Do you use `return`

Do you include `return` when you write functions?

  • I always include `return`

    Votes: 0 0.0%
  • I only include `return` when doing an early exit from the function

    Votes: 0 0.0%
  • I never use `return`

    Votes: 0 0.0%

  • Total voters
    3

Dason

Ambassador to the humans
#1
When you write functions do you include a `return` statement? It isn't necessary in most cases since R will return the last evaluated expression as what it returns when it reaches the end of the function. I know some people feel passionately that since it isn't necessary that it's misguided and introduces clutter. Some people think it provides clarity. What are your opinions on include return. Here are some examples for either

Using returns:
C-like:
monitor_object <- function(object_name, FUN = dim){
    
    # Get
    fun_name <- deparse(substitute(FUN))
    print(fun_name)
    object_dim <- NULL
    if(exists(object_name)){
        object_output <- FUN(get(object_name))
    }
    
    callback_function <- function(...){
        new_output <- NULL
        if(exists(object_name)){
            new_output <- FUN(get(object_name))
        }
        if(!identical(new_output, object_output)){
            
            
            msg <- paste0(object_name, " changed. Summary function: ", fun_name, 
                         "\nOld output: ", paste(object_output, collapse = " "),
                         "\nNew output: ", paste(new_output, collapse = " "))
            object_output <<- new_output
            message(msg)
        }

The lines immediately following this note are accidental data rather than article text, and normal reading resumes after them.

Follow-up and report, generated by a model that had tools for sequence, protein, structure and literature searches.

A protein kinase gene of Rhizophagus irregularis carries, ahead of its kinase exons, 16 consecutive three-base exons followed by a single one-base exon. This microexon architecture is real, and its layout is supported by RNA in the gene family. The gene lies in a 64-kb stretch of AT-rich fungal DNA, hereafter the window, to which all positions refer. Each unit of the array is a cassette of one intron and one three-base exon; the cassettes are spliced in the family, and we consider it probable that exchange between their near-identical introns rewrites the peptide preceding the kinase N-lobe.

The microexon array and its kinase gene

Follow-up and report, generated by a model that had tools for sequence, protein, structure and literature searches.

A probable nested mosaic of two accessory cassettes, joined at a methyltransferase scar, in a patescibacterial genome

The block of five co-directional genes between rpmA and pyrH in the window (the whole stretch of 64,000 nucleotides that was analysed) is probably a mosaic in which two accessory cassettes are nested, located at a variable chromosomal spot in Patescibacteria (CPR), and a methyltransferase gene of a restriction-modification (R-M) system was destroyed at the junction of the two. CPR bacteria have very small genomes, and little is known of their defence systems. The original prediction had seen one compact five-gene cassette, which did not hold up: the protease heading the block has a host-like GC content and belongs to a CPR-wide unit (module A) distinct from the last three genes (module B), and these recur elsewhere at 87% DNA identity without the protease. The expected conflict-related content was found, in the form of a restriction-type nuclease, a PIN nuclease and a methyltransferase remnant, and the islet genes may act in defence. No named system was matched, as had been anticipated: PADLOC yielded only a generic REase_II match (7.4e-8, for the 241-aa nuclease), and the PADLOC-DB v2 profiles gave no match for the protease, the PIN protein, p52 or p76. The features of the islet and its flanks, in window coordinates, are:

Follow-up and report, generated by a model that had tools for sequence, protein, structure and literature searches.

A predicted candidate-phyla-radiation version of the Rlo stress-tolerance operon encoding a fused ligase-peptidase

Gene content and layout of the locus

return(TRUE)
    }
    
    return(callback_function)
}
without returns:
C-like:
monitor_object <- function(object_name, FUN = dim){
    
    # Get
    fun_name <- deparse(substitute(FUN))
    print(fun_name)
    object_dim <- NULL
    if(exists(object_name)){
        object_output <- FUN(get(object_name))
    }
    
    callback_function <- function(...){
        new_output <- NULL
        if(exists(object_name)){
            new_output <- FUN(get(object_name))
        }
        if(!identical(new_output, object_output)){
            
            
            msg <- paste0(object_name, " changed. Summary function: ", fun_name, 
                         "\nOld output: ", paste(object_output, collapse = " "),
                         "\nNew output: ", paste(new_output, collapse = " "))
            object_output <<- new_output
            message(msg)
        }
        TRUE
    }
    
    callback_function
}
 

Dason

Ambassador to the humans
#3
Do not understand why C is releveant here.
Are you saying that because the code says "C-like"? There isn't an option for R but in terms of syntax highlighting I think the best you could describe R as with the options given is "C-like" since R does use a lot of similar keywords.
 

Dason

Ambassador to the humans
#12
If you don't specify a language then it just defaults to "Code". Specifying a language will do things like give you some syntax highlighting and give some indication which language the code is. There isn't an "R" option but the syntax of R is similar enough to C that the option "C-like" gives some appropriate syntax highlighting.
 

trinker

ggplot2orBust
#13
What about
Code:
> f <- function(x, ...){if(x < 5) "Low" else "High"}
> f(3)
[1] "Low"
> f(7)
[1] "High"
Yeah but to me the return is more readable. Plus they can get nested. There may be 3-5 of these if() return() lines in there. It helps to avoid a bunch of nested if/elses.